Unlike SIP, very few are aware about SWP (Systematic Withdrawal Plan). An SWP is like a reverse Systematic Investment Plan (SIP), wherein you withdraw small and regular amounts from a lump sum investment into mutual funds.
SWP is a smart way to plan for your future needs by withdrawing amounts systematically from your existing portfolio either to reinvest in another portfolio or to meet your expenses. It is suitable for retirees who are looking for a fixed flow of income. So, let's understand how it works.
How does it work?
Let's assume, you have plaaned your retirement by Investing through SIP. And your aacumulated units are 10,000. Or you have simply bought 10,000 units buy investing lump sum amount that you have received after your retirement.
Now, you hold 10,000 units of a mutual fund scheme. You have instructed your fund house to credit Rs. 5,000 to your bank account every month through SWP.
Consider the NAV of the scheme to be Rs 10 right now. So, withdrawing Rs 5000 from the scheme implies selling 500 units (Rs 5000/Rs 10). After doing a withdrawal, your mutual fund account will have 7500 units (8000-500).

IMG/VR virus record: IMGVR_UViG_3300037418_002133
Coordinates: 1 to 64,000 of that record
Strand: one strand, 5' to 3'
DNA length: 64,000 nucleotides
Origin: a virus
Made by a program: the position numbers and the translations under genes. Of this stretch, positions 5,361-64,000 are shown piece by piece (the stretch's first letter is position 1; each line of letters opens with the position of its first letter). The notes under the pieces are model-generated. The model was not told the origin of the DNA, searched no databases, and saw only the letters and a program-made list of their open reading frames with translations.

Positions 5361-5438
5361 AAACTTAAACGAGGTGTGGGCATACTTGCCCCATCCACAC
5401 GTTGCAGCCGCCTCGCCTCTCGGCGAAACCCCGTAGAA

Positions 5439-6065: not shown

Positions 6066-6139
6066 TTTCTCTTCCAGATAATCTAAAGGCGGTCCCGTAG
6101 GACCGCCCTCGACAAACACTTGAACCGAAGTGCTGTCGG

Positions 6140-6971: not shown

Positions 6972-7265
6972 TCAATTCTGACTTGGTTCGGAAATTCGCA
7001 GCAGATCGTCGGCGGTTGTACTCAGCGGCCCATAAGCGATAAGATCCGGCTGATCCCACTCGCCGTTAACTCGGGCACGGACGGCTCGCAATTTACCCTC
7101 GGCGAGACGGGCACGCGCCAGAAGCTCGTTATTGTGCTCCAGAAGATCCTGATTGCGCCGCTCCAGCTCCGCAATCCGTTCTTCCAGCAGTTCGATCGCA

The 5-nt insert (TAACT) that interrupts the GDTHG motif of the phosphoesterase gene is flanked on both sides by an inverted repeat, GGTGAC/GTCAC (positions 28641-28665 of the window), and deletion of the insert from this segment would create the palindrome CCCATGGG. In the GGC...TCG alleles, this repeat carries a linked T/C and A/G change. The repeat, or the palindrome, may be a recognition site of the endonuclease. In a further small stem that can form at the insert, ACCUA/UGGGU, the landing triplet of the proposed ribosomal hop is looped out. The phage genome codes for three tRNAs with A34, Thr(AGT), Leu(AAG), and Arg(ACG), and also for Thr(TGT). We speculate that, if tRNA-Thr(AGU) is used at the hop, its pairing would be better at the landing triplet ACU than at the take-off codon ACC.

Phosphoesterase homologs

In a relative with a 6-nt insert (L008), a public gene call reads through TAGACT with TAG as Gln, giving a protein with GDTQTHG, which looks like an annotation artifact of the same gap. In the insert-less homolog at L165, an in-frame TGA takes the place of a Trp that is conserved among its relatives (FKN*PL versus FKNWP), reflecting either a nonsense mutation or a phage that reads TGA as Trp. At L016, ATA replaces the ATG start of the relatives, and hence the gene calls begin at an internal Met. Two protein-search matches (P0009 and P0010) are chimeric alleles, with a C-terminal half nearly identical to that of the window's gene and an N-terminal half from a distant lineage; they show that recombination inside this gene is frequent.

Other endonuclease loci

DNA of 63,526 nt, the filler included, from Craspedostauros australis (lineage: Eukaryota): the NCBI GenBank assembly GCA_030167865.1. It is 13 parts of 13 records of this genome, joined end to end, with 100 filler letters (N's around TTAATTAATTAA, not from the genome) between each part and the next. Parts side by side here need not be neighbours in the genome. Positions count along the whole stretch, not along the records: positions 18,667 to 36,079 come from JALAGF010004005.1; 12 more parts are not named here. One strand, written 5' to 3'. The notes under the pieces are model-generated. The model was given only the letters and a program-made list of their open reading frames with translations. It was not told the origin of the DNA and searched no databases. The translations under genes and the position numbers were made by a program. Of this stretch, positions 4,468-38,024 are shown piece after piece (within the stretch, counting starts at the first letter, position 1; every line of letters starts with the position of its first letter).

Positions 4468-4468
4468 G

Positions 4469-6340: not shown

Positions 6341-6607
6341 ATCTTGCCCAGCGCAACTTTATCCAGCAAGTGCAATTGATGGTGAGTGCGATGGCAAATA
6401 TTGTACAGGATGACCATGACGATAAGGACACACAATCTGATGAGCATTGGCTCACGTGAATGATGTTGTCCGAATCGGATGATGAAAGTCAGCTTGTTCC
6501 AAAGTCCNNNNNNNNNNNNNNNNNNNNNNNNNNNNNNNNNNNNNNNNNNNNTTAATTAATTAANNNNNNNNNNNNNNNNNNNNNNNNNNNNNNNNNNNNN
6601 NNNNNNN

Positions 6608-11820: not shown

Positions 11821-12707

If in the beginning of the next month, the NAV of your scheme is Rs 20. Then, withdrawal of Rs 5000 amounts to selling 250 units (Rs 5000/Rs 20). Your mutual fund account will be left with 7250 units (7500-250).
In this way, the number of units keep declining with each withdrawal. An increase in the NAV would require redemption of lesser units and vice-versa.
This way you will keep receiving money every month and at the same time due to increase in unit prices you will get the benefit of capital appreciation.
Keep this in mind
Although an SWP gives you regular income and saves on taxes in the long term, you cannot open an SWP on a scheme where you have an ongoing SIP. Also, fluctuations in returns can hit your investment and SWP. In a falling market, an SWP can eat into your principal. But some financial planners recommend SWP in balanced funds as typically these are less volatile than pure equity funds.
You also need to be mindful of the fact that the fund’s exit load may also apply to the SWP. It can be in the range of 0.25-2%, if applicable and depending upon holding period.